Tuesday 12 April 2016

The SNP tax policy is a mess

Until just the other week the SNP was telling everyone how it wanted more powers to increase taxes on the wealthy. As from next year it will have those powers and it has begun to lip-flop over using them. The SNP really needs to count its lucky stars that the opposition parties are so appalling, otherwise this issue would threaten to take a big chunk out of their working class vote.

The line being put forward to avoid raising the top rate of tax to 50 per cent is basically that the rich would avoid paying it, either by leaving Scotland or using good accountants, so the government would actually collect less revenue than they do at present under the 45% rate.  Looking at that line, Old Uncle Ken can see some major flaws in the argument.

The first is that if the wealthy do leave the country then they lose all the goodies that Scotland gives them. It is not just the free prescriptions, it is also the frozen council tax, and free university education that their offspring enjoy. Looking ahead, the wealthy will gain from the government's pledge to reduce Air Passenger Duty by half in the new parliament, since it is the wealthy and their middle class hangers-on who fly the most. By way of contrast, your average Leither would probably count a day out at Edinburgh's Portobello as being about all he could afford.

In other words, and assuming that the wealthy are rational, then they will suck up the tax increase so that they can continue to enjoy all the other goodies that this government gives them. Goodies that would cost far more if they moved south of the River Tweed.

Those who do leave cannot take their jobs with them, so those positions will remain in Scotland. If you think about it, people earning over £150,000 a year must be in jobs that cannot be done via a perch in a tax haven like Monaco, otherwise the people doing those jobs would already be living in that country. So anyone who really does not want to pay the new rate, who can afford to move to a city like London and pay the house prices there, and who can find a new job in that city, will have to leave his old job in Scotland. Thus those vacancies would be filled by new people who are willing to pay the Scottish rates of income tax.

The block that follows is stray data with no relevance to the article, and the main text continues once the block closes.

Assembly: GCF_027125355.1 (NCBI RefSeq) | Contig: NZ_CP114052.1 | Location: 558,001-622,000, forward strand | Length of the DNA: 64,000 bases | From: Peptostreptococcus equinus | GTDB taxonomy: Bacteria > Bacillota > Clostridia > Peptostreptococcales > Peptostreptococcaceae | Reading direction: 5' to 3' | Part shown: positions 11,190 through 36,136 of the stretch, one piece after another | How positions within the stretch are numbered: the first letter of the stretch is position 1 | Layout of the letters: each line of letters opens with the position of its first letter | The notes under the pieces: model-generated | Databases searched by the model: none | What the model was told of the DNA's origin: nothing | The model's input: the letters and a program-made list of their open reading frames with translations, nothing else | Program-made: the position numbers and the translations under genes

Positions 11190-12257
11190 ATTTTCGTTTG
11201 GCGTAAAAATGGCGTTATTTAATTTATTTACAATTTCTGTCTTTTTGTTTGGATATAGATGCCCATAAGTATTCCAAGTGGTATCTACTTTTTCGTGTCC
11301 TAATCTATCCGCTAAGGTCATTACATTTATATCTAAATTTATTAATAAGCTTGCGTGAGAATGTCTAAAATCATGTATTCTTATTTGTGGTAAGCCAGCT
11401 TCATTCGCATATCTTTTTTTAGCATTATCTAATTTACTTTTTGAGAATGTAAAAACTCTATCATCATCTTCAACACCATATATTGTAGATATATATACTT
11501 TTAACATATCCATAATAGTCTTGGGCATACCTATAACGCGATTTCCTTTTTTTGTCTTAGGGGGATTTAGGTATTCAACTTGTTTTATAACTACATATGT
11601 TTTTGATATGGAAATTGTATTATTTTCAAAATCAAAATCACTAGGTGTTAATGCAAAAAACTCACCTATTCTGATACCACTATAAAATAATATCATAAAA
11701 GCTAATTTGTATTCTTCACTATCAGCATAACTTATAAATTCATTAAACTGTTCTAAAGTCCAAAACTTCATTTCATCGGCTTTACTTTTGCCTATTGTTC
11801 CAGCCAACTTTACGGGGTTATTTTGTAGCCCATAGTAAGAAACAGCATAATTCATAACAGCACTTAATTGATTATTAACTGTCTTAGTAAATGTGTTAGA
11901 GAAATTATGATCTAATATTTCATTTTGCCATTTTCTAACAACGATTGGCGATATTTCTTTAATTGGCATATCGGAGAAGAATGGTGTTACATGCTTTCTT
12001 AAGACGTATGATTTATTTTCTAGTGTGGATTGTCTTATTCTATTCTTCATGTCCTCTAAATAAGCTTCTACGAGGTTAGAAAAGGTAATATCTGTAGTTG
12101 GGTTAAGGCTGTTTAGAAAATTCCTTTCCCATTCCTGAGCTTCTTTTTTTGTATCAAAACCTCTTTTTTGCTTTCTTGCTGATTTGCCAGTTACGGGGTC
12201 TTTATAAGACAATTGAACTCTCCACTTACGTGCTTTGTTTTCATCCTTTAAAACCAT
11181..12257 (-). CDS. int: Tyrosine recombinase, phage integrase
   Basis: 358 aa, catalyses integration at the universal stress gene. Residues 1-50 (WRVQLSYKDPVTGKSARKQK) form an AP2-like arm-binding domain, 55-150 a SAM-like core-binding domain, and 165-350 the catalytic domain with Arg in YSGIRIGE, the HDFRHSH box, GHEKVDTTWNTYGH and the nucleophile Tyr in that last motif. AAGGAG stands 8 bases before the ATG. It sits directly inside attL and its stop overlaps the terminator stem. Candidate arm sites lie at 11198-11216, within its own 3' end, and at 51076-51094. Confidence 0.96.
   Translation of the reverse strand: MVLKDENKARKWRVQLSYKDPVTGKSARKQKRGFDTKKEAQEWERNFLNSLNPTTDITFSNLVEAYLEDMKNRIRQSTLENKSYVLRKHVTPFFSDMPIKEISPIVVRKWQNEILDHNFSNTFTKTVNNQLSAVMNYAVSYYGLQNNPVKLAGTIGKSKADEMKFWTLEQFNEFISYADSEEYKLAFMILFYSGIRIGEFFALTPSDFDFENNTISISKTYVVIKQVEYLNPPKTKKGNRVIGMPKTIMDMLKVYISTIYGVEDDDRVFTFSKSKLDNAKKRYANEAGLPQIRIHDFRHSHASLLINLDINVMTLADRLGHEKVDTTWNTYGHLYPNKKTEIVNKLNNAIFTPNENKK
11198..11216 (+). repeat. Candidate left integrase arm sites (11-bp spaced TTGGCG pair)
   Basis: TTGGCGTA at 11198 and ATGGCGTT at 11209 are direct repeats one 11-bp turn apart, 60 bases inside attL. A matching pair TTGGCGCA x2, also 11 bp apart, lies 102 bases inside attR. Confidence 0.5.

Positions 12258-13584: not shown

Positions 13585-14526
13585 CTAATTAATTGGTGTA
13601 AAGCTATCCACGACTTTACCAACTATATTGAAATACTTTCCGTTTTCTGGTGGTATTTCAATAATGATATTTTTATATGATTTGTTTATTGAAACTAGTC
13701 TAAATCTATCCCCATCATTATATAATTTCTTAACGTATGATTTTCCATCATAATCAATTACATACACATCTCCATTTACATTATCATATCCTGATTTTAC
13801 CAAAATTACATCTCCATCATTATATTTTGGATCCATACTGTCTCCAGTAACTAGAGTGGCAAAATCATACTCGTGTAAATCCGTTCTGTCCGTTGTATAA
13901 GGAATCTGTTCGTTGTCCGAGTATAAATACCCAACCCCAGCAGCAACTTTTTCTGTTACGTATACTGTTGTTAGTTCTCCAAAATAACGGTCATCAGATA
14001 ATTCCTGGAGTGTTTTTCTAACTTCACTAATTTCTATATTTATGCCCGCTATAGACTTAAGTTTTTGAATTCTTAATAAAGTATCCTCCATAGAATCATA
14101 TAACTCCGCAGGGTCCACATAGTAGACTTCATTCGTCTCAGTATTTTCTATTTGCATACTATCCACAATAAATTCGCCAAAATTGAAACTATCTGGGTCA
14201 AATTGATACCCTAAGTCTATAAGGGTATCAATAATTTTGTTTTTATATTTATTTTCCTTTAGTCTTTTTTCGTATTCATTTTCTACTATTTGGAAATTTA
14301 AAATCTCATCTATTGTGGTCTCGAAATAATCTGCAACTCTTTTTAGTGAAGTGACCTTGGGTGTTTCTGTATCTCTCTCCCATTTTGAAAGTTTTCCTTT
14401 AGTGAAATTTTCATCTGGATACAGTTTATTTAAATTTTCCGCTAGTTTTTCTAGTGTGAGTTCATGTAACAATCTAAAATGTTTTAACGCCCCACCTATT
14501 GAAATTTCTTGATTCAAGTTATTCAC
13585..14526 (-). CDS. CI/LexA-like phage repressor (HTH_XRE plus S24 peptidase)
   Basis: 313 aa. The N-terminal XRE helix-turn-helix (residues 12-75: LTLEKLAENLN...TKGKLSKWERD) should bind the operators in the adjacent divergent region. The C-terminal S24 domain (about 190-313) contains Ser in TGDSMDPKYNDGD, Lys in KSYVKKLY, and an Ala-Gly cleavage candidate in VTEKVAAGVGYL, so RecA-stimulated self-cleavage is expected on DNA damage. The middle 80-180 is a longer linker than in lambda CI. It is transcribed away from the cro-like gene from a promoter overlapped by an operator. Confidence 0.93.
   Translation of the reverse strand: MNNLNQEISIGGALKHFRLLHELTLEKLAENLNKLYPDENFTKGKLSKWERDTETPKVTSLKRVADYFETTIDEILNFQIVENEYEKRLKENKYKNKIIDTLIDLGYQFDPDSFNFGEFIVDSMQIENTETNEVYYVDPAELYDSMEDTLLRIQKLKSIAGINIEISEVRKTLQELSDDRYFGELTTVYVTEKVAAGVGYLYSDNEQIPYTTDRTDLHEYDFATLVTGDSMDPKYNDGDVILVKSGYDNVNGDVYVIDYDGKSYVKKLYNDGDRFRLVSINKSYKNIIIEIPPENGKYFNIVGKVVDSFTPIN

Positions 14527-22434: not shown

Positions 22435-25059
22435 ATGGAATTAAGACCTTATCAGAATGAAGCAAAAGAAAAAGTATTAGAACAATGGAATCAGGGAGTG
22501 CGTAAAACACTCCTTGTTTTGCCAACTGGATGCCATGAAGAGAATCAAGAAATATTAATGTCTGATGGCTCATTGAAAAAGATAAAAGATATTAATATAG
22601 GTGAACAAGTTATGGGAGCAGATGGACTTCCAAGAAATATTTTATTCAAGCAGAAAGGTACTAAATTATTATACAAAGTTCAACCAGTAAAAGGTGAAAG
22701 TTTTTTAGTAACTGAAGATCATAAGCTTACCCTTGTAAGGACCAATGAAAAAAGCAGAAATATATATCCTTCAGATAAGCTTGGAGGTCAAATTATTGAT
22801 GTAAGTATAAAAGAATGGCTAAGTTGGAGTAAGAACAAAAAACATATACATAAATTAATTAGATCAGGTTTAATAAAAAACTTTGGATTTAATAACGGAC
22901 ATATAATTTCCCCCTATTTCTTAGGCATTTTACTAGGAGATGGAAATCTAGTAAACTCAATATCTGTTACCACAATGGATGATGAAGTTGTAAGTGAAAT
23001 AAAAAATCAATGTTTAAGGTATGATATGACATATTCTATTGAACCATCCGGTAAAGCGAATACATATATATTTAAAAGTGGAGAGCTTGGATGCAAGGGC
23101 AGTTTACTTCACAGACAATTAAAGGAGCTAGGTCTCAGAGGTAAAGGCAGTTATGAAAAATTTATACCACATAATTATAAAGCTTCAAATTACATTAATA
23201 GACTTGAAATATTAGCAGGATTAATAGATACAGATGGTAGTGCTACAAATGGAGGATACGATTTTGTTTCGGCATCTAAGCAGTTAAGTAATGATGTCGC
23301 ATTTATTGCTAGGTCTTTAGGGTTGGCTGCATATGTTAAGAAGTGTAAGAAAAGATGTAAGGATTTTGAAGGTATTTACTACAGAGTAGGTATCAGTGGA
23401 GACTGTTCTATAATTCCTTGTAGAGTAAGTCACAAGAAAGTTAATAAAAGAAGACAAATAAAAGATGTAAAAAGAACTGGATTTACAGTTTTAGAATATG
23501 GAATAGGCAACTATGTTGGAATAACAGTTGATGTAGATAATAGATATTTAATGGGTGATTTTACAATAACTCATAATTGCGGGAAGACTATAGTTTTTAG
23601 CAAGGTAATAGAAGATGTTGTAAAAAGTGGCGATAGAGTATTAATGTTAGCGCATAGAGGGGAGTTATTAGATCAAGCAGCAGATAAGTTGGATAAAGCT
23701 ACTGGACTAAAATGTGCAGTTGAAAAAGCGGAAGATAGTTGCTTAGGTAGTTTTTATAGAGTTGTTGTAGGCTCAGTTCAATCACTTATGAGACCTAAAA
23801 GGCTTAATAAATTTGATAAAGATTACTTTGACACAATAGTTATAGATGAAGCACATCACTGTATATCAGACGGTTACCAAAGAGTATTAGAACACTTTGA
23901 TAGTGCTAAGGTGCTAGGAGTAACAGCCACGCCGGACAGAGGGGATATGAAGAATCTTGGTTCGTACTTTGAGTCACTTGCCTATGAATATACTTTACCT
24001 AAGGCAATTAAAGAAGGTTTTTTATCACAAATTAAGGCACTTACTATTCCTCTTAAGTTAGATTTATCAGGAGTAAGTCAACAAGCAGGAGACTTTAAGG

The wealthy do not have the option of using creative accountancy to save their money, because the new powers that Holyrood will have relate only to earned income, and that is related directly to where people live. So Holyood has them by the balls. They either leave the country, or pay the higher rate of income tax.

If they try to play cute, then Her Majesty's Revenue and Customs has already said that it will cooperate with its new, Scottish counterpart to ensure that dodgy practices are dealt with firmly. So it is not just that rich men's balls are held, but that they can also be squeezed  by both governments acting in unison.

Taxation, of course, is about more than just revenue raising. It is about sending a signal  to the world at large about the type of country that is levying the taxes. The SNP has made a big issue over the past few years about how Scotland should be run more fairly than England because the Scots are naturally collectivist by temperament. Now they have a chance to put that rhetoric into action, and they are back-peddling furiously.

Labour, the Liberal-Democrats and the Greens have all pledged to raise taxes. As things stand the SNP are in bed with the Tories in their desire to hold them down.

The SNP needs to decide quickly if it really wants to have to start hearing again the old political charge that it is nothing but the party of Tartan Toryism.

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